It is a norm for us to always downplay our own capabilities. This is the common culture that most of us grew up in. We do not praise ourselves and we do not know how to gracefully accept compliments. We see what we can’t do, and we stay away from it because someone had told us that we are not cut out for that. We might have gone against all odds and tried to prove them wrong, but failure at first attempt confirms that we are incapable of that task. So there it goes, thrown into a box, sealed and never to be opened again. Because it is easier to seal it in a box rather than patching up the torn dreams and trying to re-live it. It is human nature to always seek the simpler path and claim that to be our destiny.
What if someone helps us to open that box again. Someone tells us to bring that dream alive again. And tells us that the seal on the box is a seal that we have set, and we can break it. What if?
He is 13 years old and extremely shy. He is one of the smallest in the class making him an easy target to be bullied. The only time I can hear him is when the drumsticks are in his hands. I can see the excitement in his eyes when everyone is throwing in ideas. The moment I look at him, he turns away or speaks in a very low voice while looking down at the ground. When we try out any activities or games in the class, he usually needs more time to grasp it. When I look at him to see if he is able to follow, he immediately stops and looks away. I go near him and squat down to speak to him at his eye level. I can barely hear his voice, but his head shakes in disappointment that he is not able to do it as well as his friends. But my fellow trainers and I never gave up on him. We never pushed him beyond his comfort level, but always told him that it’s ok for him to fail. What is important is that he tries. Everytime I tell him to keep trying, he gives up. And I just tell him, ‘It’s ok to make a mistake, take a break and try later.’
This went on for weeks until one day, when he played the usual drum beats and we gave him an acknowledgement for being able to maintain the rhythm within the tempo. He smiled as we mentioned his name to the other students. From then, every week, we saw him increasing his participation and we gave him recognition where it was due. Sometimes, he falls back into his helplessness the moment another student criticizes him. But he always came back. He came to me one day and asked about the upcoming workshop we were conducting at Monash University, Sunway.
“I don’t think I can attend,” he said.
“Why? Do you have anything to do on that day?” I asked him back.
“No, but I don’t want to attend,” he said looking down again.
Again I kneeled down and this time he looked at me. I told him that no one is going to force him to do anything he doesn’t like. He can attend the workshop which will teach him new drumming techniques and how to make his own drums from recycled items, if he wishes to attend. I left it entirely to him to decide. On the day of the workshop, I saw him grinning and he told me he decided to attend.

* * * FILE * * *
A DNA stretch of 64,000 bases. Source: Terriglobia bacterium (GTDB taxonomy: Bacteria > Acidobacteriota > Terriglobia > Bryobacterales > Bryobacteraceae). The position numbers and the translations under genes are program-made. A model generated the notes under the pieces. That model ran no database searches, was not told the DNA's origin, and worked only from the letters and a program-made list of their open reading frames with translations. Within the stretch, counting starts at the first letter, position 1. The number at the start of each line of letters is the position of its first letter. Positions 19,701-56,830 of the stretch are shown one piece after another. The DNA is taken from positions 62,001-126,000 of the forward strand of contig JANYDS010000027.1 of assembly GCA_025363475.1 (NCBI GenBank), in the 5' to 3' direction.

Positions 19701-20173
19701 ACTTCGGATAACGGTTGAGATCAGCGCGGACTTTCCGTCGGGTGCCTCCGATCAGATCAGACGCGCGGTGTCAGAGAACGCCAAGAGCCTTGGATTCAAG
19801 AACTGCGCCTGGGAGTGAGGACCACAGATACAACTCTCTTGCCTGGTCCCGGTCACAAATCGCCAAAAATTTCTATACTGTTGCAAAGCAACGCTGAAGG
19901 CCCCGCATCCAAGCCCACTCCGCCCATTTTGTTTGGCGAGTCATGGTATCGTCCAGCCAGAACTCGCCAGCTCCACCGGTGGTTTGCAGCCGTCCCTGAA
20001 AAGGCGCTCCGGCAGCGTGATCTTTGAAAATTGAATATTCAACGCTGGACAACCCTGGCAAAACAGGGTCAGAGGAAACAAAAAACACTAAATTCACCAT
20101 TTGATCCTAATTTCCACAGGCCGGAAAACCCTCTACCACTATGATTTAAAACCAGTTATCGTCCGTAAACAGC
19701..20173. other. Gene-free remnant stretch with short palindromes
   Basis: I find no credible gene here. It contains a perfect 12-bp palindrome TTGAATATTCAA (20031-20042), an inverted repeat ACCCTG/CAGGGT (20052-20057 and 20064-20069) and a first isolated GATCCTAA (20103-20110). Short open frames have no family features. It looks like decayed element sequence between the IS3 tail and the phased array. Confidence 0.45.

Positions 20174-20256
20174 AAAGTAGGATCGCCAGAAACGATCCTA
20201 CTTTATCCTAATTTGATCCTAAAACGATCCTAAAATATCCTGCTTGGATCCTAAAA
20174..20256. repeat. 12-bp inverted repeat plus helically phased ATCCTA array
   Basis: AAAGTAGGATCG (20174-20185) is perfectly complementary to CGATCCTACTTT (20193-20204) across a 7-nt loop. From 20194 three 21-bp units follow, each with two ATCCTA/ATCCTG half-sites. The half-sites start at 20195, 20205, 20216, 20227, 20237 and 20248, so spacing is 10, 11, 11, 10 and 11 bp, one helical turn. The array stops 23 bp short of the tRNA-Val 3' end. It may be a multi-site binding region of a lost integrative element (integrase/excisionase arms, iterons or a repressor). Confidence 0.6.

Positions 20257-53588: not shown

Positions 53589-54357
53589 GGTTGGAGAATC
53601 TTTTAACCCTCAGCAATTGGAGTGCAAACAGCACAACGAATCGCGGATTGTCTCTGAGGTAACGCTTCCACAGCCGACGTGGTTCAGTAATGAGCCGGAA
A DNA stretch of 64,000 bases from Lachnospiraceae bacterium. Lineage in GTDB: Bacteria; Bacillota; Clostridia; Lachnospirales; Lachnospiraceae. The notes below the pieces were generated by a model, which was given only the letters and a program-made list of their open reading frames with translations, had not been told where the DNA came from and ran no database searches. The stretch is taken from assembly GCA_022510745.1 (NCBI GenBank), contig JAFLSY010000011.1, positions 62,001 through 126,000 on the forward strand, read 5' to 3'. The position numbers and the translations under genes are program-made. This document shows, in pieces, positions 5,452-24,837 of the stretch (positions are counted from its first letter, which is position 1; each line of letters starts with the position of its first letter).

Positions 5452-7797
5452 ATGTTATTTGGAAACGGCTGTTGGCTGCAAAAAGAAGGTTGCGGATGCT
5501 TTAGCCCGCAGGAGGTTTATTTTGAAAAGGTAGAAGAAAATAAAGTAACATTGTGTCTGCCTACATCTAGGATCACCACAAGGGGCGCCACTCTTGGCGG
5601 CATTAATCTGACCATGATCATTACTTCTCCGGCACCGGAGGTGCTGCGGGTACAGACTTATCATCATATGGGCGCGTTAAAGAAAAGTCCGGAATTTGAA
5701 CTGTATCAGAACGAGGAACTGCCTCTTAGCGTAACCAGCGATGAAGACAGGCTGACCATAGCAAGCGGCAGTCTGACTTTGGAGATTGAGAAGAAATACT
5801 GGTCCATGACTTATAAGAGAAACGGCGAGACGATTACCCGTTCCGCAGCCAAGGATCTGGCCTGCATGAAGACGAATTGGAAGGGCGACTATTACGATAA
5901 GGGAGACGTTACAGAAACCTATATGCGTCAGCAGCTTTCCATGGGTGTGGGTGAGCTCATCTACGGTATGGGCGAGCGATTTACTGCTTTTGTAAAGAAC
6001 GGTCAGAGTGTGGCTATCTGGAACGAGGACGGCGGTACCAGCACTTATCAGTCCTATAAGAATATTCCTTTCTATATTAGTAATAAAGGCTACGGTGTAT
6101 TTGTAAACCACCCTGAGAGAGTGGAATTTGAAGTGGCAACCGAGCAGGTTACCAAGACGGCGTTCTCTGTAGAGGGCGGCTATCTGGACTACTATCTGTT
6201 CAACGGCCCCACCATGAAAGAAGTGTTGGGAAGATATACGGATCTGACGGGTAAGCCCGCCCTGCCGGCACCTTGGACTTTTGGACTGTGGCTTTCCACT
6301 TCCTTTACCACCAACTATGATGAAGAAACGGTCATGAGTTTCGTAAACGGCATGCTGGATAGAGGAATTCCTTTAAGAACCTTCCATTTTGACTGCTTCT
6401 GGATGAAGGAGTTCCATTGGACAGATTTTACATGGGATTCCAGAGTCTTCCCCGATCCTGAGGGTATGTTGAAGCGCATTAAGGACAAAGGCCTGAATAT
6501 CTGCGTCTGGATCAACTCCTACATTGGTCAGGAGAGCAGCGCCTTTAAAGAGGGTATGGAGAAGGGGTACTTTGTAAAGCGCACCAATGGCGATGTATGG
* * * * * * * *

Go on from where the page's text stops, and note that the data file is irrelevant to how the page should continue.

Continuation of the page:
A few weeks later, we had a role playing activity to help the students understand bullying and the repercussions. We chose him to be the person who was being bullied by another student who is three times bigger than him. I pulled him aside and told him, “No matter what this bully says, you are not going to give in. Fight back, and run away if you need to. But do not give in. We are all here and nothing will happen to you. Be brave.”
He nodded and walked back to his group. I was not sure how he was going to fight because I have never heard him shout or scream. When his team’s turn came to act out the bully scene, we could not believe what we saw. This boy who was almost insignificant in class, raised his voice and stood firm against the bully who was trying to extort money. The verbal struggle went on for a few minutes until we decided to intervene and reflect on what had happened. My team of trainers praised him and used that as an exemplary behaviour on what everyone should do when they are bullied.
That same day, this boy who always refuses anything new that we encouraged him to try, came up to me and volunteered to replace the role of another student who was absent.
“You need to speak loudly when you say the dialogues. Can you do that?” I asked him.
“Yes, I can speak loudly,” he said, grinning ear to ear and looking at me.
I gave the role to him. His friends helped him with the dialogues. I saw him practicing a few minutes before we started rehearsing. His part came and he walked onto the scene. He acted, and he spoke. My team was amazed. He did not speak loudly and he forgot some of the dialogues. But he did it. He stood there, in front of everyone and said something. We all heard him. When the class ended, he asked me if he did well. I assured him that he did very well and we will continue to do voice projection for him to speak louder. He thanked me and left.
Now, there is no turning back for this student. With the little positive reinforcement that we gave him, he built his own strength and developed a little bit of confidence. He has got a long way to go, but at least we made him crack open the seal and he got out of the box. He knows now that he can do more than he thought he would. He knows his strength and he can stand up for himself. The GoodKids 2017 programme might not have come to an end yet, but to me, we have already succeeded. (Drops the mic)